It’s lovely to see Stoke pottery being made from scratch in Stoke, in what is effectively a cottage industry, in much the same way the great ceramics names started all those years ago. Mathew is passionate about the revival of ‘Made in Stoke-on-Trent’ ceramics, and about the subject of ‘backstamping’ – the process of stamping where a product is from – or appears to be from.
“If you see ‘England’ stamped on the bottom of a piece of china, you understandably believe it has been made in England,” he explains. “But it probably hasn’t been. More than likely, it’s been made on the other side of the world and just finished off here. That means it can be sold to you with an England or British backstamp.
I think it’s wrong, and people should be able to know where their products have come from. It’s particularly important, I believe, for the Stoke pottery industry, which has suffered so much from imports.
There are actually still a lot of ceramics made in Stoke; designers like myself who are small businesses doing well and making beautiful things. Buyers tell us they want things made in Stoke, so the stamping is important.” It’s a subject Mathew feels very strongly about. He lives just a few doors away from the house he grew up in, in Trentham. He gave up a well paid job and sold his car, so he could follow his passion for pottery, and did a ceramics degree at Staffordshire University. That led to him being hired by the likes of Heal’s and John Lewis’ to produce designs for their shops.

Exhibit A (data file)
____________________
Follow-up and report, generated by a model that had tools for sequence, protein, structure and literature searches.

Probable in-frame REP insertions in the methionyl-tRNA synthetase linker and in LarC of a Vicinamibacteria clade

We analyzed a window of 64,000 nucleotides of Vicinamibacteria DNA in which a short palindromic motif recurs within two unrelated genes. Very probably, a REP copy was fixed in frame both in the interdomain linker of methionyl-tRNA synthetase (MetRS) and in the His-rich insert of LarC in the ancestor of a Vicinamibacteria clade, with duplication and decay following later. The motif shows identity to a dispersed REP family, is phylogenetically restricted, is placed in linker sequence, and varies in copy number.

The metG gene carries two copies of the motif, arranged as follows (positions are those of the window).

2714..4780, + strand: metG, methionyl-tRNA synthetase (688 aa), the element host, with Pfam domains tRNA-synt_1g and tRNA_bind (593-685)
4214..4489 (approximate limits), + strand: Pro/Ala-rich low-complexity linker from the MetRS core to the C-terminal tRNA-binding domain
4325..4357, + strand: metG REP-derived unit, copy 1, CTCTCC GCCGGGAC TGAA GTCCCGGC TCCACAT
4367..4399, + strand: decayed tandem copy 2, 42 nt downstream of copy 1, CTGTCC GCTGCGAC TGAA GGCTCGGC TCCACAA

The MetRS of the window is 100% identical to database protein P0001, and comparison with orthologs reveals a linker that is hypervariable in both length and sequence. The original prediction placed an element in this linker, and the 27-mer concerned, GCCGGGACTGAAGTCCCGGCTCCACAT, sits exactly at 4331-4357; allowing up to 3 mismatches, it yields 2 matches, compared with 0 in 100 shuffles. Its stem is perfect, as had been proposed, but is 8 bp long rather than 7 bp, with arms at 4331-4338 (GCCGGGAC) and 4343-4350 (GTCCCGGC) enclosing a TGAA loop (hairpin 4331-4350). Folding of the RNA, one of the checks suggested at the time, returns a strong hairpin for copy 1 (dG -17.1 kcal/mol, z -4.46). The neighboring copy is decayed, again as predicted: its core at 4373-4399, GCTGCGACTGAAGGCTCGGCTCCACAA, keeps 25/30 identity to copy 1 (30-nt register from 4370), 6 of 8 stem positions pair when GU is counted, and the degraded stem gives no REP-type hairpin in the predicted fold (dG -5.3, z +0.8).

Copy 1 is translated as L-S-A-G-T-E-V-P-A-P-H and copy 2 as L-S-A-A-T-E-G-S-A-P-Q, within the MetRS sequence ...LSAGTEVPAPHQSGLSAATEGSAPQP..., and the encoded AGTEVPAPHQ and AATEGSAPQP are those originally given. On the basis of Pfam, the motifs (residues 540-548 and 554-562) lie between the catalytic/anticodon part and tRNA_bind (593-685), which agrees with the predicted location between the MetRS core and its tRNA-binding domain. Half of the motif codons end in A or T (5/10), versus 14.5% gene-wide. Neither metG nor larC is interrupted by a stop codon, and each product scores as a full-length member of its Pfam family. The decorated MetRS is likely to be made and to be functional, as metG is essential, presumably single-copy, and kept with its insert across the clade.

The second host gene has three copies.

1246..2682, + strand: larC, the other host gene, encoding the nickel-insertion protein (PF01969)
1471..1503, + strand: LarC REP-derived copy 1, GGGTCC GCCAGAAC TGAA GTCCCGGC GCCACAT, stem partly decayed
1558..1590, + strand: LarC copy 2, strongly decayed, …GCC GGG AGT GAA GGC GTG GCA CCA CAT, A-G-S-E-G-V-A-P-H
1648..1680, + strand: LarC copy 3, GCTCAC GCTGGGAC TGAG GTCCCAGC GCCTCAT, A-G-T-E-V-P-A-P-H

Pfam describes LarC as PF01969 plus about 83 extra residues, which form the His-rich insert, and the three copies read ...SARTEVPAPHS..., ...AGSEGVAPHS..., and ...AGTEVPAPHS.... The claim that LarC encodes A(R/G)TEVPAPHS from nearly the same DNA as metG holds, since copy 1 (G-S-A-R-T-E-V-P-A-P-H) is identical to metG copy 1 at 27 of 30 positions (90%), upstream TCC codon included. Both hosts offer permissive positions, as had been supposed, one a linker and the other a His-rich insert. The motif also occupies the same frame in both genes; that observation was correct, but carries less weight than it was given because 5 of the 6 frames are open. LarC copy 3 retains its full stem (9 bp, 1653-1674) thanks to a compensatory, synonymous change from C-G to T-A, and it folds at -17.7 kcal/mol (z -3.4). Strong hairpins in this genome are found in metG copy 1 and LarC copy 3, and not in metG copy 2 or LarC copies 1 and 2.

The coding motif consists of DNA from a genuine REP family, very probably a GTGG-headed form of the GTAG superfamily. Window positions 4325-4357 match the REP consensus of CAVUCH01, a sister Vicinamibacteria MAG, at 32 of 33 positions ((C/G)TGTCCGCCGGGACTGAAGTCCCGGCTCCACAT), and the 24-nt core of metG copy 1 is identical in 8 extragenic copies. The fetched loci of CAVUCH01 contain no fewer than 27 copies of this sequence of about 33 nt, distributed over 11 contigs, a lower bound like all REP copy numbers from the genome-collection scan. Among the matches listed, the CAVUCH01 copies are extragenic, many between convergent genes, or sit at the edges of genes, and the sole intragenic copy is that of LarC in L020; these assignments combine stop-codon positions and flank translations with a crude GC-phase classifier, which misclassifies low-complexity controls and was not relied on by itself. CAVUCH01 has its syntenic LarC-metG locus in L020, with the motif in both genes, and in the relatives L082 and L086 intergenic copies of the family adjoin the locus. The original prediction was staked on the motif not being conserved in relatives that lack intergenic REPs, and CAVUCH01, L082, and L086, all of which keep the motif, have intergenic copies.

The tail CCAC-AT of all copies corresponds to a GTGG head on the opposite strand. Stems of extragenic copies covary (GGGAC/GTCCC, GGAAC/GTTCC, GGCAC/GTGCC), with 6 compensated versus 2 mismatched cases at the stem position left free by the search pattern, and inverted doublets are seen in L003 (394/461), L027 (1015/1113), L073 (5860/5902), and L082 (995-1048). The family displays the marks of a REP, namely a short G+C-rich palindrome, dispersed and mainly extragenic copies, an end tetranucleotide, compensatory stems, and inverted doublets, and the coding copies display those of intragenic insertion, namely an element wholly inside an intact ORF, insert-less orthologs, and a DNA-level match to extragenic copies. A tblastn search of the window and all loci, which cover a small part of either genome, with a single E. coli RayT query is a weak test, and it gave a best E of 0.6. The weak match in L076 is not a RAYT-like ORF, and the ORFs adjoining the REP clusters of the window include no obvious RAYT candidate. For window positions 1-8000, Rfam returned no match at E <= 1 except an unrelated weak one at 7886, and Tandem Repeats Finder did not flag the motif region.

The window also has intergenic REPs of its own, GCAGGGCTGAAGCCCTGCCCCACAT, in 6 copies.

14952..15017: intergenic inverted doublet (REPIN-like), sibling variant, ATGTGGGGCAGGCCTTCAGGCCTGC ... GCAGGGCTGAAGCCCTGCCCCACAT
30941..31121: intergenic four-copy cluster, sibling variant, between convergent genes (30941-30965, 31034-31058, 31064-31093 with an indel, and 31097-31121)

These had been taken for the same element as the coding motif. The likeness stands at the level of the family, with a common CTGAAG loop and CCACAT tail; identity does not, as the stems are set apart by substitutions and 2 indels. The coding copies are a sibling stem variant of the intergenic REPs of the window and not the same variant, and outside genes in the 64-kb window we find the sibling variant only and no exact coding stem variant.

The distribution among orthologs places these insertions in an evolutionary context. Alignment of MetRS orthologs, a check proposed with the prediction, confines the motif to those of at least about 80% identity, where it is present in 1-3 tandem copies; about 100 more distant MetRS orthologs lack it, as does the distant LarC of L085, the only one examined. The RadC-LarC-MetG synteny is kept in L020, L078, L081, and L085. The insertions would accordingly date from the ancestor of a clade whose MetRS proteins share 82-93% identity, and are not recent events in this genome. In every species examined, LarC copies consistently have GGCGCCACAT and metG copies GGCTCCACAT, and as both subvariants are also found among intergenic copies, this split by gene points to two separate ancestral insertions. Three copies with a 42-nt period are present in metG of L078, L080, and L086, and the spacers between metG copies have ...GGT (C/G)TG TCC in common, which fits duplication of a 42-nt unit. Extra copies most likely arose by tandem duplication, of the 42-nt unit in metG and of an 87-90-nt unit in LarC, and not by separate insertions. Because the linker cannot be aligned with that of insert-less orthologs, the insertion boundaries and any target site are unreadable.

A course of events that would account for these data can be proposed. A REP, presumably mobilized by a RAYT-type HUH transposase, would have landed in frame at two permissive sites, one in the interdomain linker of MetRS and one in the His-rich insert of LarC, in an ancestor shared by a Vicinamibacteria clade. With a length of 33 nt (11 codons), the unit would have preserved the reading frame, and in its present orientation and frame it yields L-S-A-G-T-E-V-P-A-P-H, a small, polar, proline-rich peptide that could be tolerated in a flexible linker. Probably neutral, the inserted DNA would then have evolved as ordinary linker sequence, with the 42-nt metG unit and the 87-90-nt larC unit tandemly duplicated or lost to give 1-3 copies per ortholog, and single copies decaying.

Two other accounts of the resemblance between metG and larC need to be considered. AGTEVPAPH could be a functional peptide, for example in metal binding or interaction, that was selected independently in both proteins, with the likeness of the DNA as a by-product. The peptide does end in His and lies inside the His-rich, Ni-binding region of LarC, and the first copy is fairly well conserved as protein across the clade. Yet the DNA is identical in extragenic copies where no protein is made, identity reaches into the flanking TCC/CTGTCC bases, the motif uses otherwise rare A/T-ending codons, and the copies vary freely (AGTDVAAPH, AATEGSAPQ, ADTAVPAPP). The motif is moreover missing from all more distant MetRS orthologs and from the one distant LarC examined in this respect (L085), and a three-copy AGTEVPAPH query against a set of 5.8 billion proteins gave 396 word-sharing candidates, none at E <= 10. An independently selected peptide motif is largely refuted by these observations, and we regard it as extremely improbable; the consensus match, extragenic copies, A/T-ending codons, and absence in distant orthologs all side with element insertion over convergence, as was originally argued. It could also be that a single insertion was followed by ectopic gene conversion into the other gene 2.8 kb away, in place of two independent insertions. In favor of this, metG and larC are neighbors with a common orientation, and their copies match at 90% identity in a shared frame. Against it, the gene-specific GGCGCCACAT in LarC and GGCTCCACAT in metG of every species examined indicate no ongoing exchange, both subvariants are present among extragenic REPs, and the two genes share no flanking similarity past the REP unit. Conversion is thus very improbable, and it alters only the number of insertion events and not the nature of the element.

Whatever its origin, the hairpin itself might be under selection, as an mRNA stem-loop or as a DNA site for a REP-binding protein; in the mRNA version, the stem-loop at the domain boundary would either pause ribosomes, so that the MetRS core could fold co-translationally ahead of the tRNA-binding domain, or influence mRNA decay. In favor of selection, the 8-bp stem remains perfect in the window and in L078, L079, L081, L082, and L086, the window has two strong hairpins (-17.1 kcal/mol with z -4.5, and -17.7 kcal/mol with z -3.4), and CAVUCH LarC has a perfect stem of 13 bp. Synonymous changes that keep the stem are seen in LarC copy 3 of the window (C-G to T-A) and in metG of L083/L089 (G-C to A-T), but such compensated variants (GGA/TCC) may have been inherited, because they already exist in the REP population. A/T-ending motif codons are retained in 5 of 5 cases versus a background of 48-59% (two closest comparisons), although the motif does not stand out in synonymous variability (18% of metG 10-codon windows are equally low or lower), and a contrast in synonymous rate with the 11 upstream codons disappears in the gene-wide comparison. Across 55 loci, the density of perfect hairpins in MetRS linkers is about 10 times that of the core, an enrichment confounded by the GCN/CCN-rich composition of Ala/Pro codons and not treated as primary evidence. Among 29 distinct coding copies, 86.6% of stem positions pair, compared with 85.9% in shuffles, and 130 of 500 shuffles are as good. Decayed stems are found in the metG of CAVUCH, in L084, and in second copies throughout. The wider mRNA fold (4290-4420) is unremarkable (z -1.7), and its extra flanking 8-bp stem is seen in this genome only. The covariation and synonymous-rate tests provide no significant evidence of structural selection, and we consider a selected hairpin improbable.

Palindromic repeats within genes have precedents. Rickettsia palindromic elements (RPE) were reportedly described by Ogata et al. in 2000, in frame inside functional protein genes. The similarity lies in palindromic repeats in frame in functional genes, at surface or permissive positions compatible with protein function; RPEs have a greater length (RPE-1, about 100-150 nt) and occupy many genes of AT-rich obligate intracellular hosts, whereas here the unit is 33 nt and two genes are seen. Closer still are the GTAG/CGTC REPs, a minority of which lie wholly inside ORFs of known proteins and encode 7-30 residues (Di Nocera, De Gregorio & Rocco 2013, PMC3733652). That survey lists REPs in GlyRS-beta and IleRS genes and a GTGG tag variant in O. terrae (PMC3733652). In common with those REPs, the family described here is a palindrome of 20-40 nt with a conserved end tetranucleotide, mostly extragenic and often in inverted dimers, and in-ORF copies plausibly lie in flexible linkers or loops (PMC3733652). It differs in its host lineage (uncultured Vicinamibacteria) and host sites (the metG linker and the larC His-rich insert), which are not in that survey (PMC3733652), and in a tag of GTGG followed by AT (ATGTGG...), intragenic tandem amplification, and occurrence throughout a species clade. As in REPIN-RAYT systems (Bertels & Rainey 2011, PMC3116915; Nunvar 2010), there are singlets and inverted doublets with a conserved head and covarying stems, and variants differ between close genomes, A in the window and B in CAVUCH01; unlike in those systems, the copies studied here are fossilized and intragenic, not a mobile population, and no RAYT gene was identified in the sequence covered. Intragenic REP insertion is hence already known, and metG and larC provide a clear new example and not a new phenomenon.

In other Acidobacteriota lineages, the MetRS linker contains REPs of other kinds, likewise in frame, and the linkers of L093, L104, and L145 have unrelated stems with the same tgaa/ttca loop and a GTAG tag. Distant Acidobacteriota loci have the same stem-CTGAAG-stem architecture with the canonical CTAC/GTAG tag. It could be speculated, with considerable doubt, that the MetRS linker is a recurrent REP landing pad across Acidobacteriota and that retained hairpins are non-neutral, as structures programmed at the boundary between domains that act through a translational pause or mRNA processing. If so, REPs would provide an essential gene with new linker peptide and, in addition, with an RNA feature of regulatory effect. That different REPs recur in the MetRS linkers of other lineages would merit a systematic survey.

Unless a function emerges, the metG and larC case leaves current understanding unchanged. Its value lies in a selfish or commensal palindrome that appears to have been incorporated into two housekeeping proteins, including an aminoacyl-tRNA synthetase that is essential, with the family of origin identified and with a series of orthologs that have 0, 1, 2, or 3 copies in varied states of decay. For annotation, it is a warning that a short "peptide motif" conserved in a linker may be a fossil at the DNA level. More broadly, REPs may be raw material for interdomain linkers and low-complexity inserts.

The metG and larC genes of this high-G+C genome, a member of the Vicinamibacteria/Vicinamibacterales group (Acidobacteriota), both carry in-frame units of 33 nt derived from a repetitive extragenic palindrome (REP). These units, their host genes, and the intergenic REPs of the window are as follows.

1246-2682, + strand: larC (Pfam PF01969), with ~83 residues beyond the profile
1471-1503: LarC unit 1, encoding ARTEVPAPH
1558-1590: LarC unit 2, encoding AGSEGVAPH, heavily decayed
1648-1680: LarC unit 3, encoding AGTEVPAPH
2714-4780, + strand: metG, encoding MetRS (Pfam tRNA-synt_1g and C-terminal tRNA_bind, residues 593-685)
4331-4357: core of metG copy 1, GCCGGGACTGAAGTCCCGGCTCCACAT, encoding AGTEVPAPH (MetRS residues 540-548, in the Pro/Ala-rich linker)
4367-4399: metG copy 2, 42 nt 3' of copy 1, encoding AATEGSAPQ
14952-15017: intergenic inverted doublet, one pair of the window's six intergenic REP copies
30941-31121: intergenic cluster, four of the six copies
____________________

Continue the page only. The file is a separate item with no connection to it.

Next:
Then the 1990s brought the decline of the Stoke-on-Trent ceramics industry, with closures like Royal Doulton and the Trentham Superpit. The decline meant Mathew struggled to make a living doing what he loved most, so he got a job setting up an art department for a therapy centre.
That success led to a decade of teaching art at Dovegate Prison, where he ended up running the education department. “It was when I took redundancy from that job that I decided to set up Dimbleby Ceramics, and to get back to making the pottery I love, and to get English pottery back to its roots here in Stoke”.
Mathew thinks the pottery industry is actually thriving again in his hometown.
“There are lots of independent little ceramics businesses here, like mine, that just need a bit of help. I’m involved with the Ceramic Development Group which has just launched a virtual pottery academy; business owners like myself are going to take on apprentices to help the renaissance of Stoke pottery and to try and fill the skills gap that has happened because of the past few decades. We’re not very good in Stoke about shouting about what we’re good at. And we’re good at ceramics”.
This interview wasn’t quite what I expected.
I have to confess, my favourite book ever, is ‘Pride and Prejudice’, and my favourite character is Mr Darcy. What I love about him is how his character turns out to be a surprise – and not at all like Elizabeth Bennett presumed. And here I am, meeting a Mr Darcy lookalike - Mathew Dimbleby - and, he too, has turned out to be surprise. A talented ceramics designer, with a passion for his craft and love of his hometown, who thinks the pottery industry in Stoke needs more PR. “If being Mr Darcy once in a while helps me promote my business and the ceramics industry here, then I’d be delighted”, he says.
I think Jane Austen would have been rather impressed.